Ed Tarpley of Pekin turned his small home siding business over to his son eight years ago and said he takes no pay for the few “errands” he still runs for the concern.

That’s why Tarpley, 61, had no reason to expect someone would dump about two tons of discarded building materials and household junk on his driveway Monday morning.

It’s not junk as far as the garbage dumper is concerned. It’s just dues.

Because Tarpley arranged to rent dumpsters for C&T Siding & Construction, he’s a fair target in the private business feud, Drew Vice said Tuesday.

“Ed didn’t pay, so I returned his garbage to him,” said Vice, a Pekin firefighter who also owns Dragon Dumps, a dumpster rental business.

Chad Tarpley said he, not his father, owes the bill – $2,552.35 for five dumpster rentals since June, according to Vice. He didn’t reply when Vice “messaged” a payment demand to him Sunday.

In another message early Monday, “He said I had an hour to respond to him,” Chad Tarpley said. No reply came.

Ed Tarpley said he never heard from Vice before he returned from a mid-morning chore to find the huge trash pile on his driveway at 912 N. 12th St.

Later that day, Chad Tarpley said he received a texted video that recorded the dumping, along with a message:

“How do you turn your yard into a landfill? 1. Order a dumpster from Dragon Dumps. 2. Don’t pay your bill. 3. Don’t answer my phone calls,” Chad Tarpley recounted.

Now, as far as he’s concerned, he doesn’t owe Vice a dime.

“Even if I owed the guy $1 million, you can’t throw a dumpster of junk on somebody’s driveway and get away with it” without a crime charged, he said Tuesday.

According to the Pekin Police Department, you can.

The incident “is a civil matter,” said Public Information Officer Billie Ingles. “The bottom line is (the dumping) is on private property.

“The officer (who came when Ed Tarpley called) looked at the city ordinance on littering. It doesn’t fit. He looked at the state (law) on illegal dumping. It doesn’t fit,” Ingles said. “There’s a lot of things that turn into civil issues because the (city) ordinances just aren’t there” to define them as criminal or city code violations.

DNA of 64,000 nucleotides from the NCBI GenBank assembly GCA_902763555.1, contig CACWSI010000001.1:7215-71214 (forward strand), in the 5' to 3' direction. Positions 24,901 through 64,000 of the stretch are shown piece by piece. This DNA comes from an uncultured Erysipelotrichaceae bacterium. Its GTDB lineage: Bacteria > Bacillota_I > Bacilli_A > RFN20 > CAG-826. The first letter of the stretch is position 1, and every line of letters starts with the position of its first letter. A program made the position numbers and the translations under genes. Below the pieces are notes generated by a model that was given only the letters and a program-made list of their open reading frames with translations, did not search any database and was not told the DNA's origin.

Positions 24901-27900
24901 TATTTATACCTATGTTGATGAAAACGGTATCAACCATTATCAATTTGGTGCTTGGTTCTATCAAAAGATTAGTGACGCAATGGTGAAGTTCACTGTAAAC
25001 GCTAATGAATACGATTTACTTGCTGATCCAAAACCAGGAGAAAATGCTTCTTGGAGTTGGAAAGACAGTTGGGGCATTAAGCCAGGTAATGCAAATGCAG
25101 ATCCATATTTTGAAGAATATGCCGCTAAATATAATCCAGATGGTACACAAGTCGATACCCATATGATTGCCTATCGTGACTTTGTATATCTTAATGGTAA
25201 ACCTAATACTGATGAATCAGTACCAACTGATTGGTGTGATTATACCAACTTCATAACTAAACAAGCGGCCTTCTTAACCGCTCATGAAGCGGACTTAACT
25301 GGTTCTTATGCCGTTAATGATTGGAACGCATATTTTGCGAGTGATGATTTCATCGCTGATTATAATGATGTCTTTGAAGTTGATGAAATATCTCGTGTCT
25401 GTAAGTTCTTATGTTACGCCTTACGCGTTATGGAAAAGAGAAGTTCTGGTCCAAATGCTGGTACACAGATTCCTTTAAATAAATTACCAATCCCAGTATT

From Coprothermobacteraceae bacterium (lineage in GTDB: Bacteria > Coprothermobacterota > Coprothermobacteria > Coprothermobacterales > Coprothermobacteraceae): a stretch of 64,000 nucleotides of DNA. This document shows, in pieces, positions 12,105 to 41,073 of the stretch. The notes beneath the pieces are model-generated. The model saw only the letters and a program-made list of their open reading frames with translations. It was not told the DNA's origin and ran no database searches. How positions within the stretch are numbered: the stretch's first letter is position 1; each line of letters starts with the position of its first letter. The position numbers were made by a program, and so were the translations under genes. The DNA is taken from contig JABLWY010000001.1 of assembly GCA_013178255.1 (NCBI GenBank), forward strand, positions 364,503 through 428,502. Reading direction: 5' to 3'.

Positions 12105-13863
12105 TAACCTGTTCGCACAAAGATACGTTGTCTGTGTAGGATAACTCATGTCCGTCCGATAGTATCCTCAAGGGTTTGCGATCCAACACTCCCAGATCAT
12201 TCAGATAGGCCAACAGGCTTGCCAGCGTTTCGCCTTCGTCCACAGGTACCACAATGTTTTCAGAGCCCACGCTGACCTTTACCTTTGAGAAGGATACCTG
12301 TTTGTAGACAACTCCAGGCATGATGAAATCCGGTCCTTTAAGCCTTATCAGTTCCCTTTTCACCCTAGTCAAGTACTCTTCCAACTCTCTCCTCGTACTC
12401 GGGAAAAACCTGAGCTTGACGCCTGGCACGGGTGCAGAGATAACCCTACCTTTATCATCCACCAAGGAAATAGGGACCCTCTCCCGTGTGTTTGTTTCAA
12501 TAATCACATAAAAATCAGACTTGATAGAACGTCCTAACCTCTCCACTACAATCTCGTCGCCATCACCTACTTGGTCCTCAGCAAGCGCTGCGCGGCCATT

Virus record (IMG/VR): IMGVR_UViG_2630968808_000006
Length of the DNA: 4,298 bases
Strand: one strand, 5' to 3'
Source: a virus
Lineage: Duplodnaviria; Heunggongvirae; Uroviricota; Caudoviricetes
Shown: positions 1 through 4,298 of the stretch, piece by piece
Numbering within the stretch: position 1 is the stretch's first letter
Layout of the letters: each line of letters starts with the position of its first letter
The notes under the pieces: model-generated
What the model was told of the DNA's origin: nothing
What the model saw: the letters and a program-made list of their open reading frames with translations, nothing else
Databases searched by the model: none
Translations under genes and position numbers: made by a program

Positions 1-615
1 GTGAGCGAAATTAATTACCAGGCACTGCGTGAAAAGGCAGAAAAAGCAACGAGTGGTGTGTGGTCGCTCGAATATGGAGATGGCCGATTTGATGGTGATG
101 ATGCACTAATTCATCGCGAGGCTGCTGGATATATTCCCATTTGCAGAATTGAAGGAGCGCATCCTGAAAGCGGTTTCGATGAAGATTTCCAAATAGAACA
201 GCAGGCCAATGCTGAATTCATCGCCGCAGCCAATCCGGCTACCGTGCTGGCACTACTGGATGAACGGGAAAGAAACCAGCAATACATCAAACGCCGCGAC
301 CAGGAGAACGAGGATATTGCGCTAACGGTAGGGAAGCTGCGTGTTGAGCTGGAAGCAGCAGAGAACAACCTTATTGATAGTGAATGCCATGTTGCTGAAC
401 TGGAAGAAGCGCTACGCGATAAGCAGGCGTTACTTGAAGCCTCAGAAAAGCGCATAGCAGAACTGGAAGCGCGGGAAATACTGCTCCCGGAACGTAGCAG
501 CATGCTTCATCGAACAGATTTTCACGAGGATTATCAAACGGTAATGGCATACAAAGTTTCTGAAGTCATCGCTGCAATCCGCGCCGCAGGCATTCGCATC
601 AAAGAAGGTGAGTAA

One city code, however, does apply in the case. With the trash heap still settling on his driveway, a city building inspector issued Ed Tarpley a notice Monday to remove it by Sept. 15 or face a fine of up to $500.

“We’ll give him more time if he needs it, as long as we see progress” in that work, said John Lebegue, city building inspections director.

Vice said he chose to “return” the junk rather than file a small claims court action against C&T Siding because he believes he’d receive no payment from the Tarpleys if he wins.

“I see what I did as no different than a bank repossessing a car,” Vice said. “If you don’t pay for the car, they take it back. If you don’t pay for garbage removal, you get the garbage back.”

The Tarpley’s found a problem with that logic. It’s not their trash, they said.

“Bottles, kids’ toys, garbage – it looks like somebody cleaned their house out,” while C&T last rented a dumpster from Vice about a month ago, Chad Tarpley said.

“What difference does it make?” asked Vice. “The way I figure it, I still owe them some.”

Chad Tarpley said he’ll clean his father’s driveway before any more trouble comes from the city, pay to dump the trash legally, then pursue Vice in civil court for the costs involved.

“He’ll be wasting his money,” Vice said. “None of this would’ve happened if he just paid his bill.”

Follow Michael Smothers at Twitter.com/msmotherspekin